No fairytale ending
December 31, 2008
Having finally broken their semi-final hoodoo at the sixth time of asking, the way was clear for Waterford to grace Croke Park on All-Ireland final day. But the Deise's biggest game in 45 years proved to be an unmitigated disaster as they crashed to one of the heaviest ever All-Ireland final defeats.
Like the famous line from the Rambo movie, Kilkenny proved to be Waterford's worst nightmare on a day that will haunt the county's supporters for many years to come.
Appearing in their first All-Ireland hurling final since 1963, Waterford failed abysmally to do themselves justice against a rampant Kilkenny team who completed their three-in-a-row mission with a stunning 23-point victory. Although Waterford went into the final as underdogs, no one could have forecasted such a one-sided affair for which their shell-shocked manager Davy Fitzgerald was prepared to take the blame.
"I will hold my hands up and accept it if I got things wrong in planning our tactics," said Fitzgerald, who twice savoured All-Ireland glory with Clare during a glittering playing career, but was unable to repeat the trick with his adopted county this year.
"There will probably be people out there now wanting to have a go at me but I can take it. I did my job in the best way I thought possible, but maybe I will now have to look at myself and accept at least some of the blame for what went wrong out today," he added in the immediate aftermath of the game.
What Fitzgerald would not accept, however, was criticism of the players who he stressed had given him their all since he took over as manager midway through the season.
"Many of these lads have given 10 wonderful years to hurling and to Waterford and it is important now at this critical time that the people of the county give them the support they all so richly deserve.
"There is nothing worse for them than that dressing room now. The last thing they want, need or deserve is to be criticised by fans.
"In fairness to the players, they went out and tried their utmost right to the end despite the inevitability of the defeat that was staring them in the face."
Fitzgerald claimed that no team in the country would have lived with Kilkenny, who also inflicted heavy defeats on Offaly, Wexford and Cork en route to their 31st All-Ireland success.
"We had a game plan which unfortunately didn't work for us. If people are waiting in the wings to have a go at me, then let them. But I won't accept criticism of the players who have honoured their commitments to me in every respect. I will not say one bad word about them nor will I accept it from anyone else about them either."
Former Hurler of the Year Tony Browne, a man who has endured many heartbreaking moments in his 15 years of service to the Waterford jersey, simply felt the Munster side 'froze' on the big occasion.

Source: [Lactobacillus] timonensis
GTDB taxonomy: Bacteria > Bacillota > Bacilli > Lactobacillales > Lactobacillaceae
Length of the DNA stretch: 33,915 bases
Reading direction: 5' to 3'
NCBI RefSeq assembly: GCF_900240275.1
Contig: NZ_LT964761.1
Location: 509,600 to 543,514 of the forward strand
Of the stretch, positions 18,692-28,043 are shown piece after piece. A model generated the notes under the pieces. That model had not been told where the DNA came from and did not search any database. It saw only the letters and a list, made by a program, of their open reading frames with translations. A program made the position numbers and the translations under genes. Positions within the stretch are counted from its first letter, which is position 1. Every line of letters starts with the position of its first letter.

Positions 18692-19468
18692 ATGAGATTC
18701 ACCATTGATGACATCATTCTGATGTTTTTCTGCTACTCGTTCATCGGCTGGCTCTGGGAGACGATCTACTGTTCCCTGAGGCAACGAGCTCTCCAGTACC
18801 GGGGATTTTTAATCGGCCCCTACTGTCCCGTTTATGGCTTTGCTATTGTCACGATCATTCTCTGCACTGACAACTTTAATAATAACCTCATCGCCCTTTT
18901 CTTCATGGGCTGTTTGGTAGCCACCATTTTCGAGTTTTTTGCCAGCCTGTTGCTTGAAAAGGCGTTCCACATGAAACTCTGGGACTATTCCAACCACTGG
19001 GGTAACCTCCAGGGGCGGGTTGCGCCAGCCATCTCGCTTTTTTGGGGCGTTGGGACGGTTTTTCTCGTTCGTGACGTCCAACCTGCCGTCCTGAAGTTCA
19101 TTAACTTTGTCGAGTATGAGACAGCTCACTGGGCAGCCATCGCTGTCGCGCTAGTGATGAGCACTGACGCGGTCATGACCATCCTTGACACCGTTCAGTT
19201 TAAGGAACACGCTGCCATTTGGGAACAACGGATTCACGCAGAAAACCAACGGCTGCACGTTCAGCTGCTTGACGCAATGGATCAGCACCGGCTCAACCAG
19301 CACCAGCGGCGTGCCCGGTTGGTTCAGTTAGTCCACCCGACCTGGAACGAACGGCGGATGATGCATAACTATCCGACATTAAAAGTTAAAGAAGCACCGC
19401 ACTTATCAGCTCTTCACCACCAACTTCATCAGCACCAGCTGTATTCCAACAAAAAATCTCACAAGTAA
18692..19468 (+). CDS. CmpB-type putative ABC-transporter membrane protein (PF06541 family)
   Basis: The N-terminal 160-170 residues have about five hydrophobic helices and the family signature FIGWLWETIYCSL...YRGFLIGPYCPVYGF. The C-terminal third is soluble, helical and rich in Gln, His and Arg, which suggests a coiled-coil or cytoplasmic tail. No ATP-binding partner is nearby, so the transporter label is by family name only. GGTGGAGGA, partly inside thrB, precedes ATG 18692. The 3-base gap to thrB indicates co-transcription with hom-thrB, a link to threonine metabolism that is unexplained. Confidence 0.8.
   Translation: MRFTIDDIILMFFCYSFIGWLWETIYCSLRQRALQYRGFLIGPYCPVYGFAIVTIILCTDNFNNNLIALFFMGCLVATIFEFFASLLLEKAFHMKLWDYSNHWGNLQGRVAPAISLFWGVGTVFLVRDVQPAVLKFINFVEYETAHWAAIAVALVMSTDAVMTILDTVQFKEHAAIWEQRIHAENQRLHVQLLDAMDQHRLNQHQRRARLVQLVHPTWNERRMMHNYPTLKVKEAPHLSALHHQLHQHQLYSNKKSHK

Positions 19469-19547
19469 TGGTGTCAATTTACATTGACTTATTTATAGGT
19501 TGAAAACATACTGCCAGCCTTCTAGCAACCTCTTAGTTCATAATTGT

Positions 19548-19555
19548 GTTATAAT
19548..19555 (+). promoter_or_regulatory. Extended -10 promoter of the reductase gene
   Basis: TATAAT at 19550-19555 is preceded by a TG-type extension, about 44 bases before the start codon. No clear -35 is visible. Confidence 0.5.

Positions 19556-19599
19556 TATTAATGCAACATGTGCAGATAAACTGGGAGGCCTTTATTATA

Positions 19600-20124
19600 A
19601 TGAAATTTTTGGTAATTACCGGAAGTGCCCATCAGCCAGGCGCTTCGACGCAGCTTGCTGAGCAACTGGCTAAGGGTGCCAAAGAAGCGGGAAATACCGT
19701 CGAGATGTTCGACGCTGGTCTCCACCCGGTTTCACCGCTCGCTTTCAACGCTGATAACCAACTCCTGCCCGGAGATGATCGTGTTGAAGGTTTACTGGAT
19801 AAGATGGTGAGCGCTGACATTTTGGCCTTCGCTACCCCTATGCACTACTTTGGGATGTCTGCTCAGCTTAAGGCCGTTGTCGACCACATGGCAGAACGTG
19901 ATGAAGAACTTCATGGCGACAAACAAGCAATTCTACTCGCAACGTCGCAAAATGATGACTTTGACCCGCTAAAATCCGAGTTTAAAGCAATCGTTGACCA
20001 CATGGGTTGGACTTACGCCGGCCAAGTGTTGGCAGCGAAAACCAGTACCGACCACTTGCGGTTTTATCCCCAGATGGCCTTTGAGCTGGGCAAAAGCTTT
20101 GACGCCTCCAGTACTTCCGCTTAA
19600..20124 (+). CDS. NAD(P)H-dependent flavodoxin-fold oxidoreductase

"Whether it was stage fright or whatever, the fact is that we just froze on the day and Kilkenny didn't waste the opportunity to capitalise on that. Give these fellows any kind of advantage and they'll just blow you away," the veteran Mount Sion clubman ruefully reflected.
"They are awesome. They are the best team I've encountered in 15 years playing senior inter-county hurling."
Signing off, Browne expressed confidence in Waterford's ability to bounce back from such a crushing defeat.
"With the exception of a few of us, the team is a relatively young one and there are good players on the fringes determined to make the breakthrough. The real challenge for them will be to come back after this defeat and I believe they will be up to that."
2008 was certainly a roller-coaster year for Waterford hurling. After seeing their National League and Munster crowns slip away by June 1, Waterford were in crisis and Justin McCarthy's position as manager became untenable after the players made it known that they wanted change.
By forcing the Corkman - who delivered three Munster titles and one National League crown during his seven-year reign - to step aside, the Waterford players backed themselves into a corner. But under new manager Davy Fitzgerald, they came out fighting and upset the odds to reach the All-Ireland final.
Waterford's championship campaign started as it ended - in deep disappointment. While short a number of key players, including the injured Ken McGrath and Eoin Kelly, it could hardly be used as an excuse for their 0-23 to 2-26 defeat to an unfancied Clare in the first round of the Munster championship at a sparsely attending Gaelic Grounds. Apart from John Mullane and Dave Bennett, none of the Decies' big names covered themselves in glory and they were a beaten team after Niall Gilligan's 20th championship goal made it 2-17 to 0-16 with 20 minutes remaining.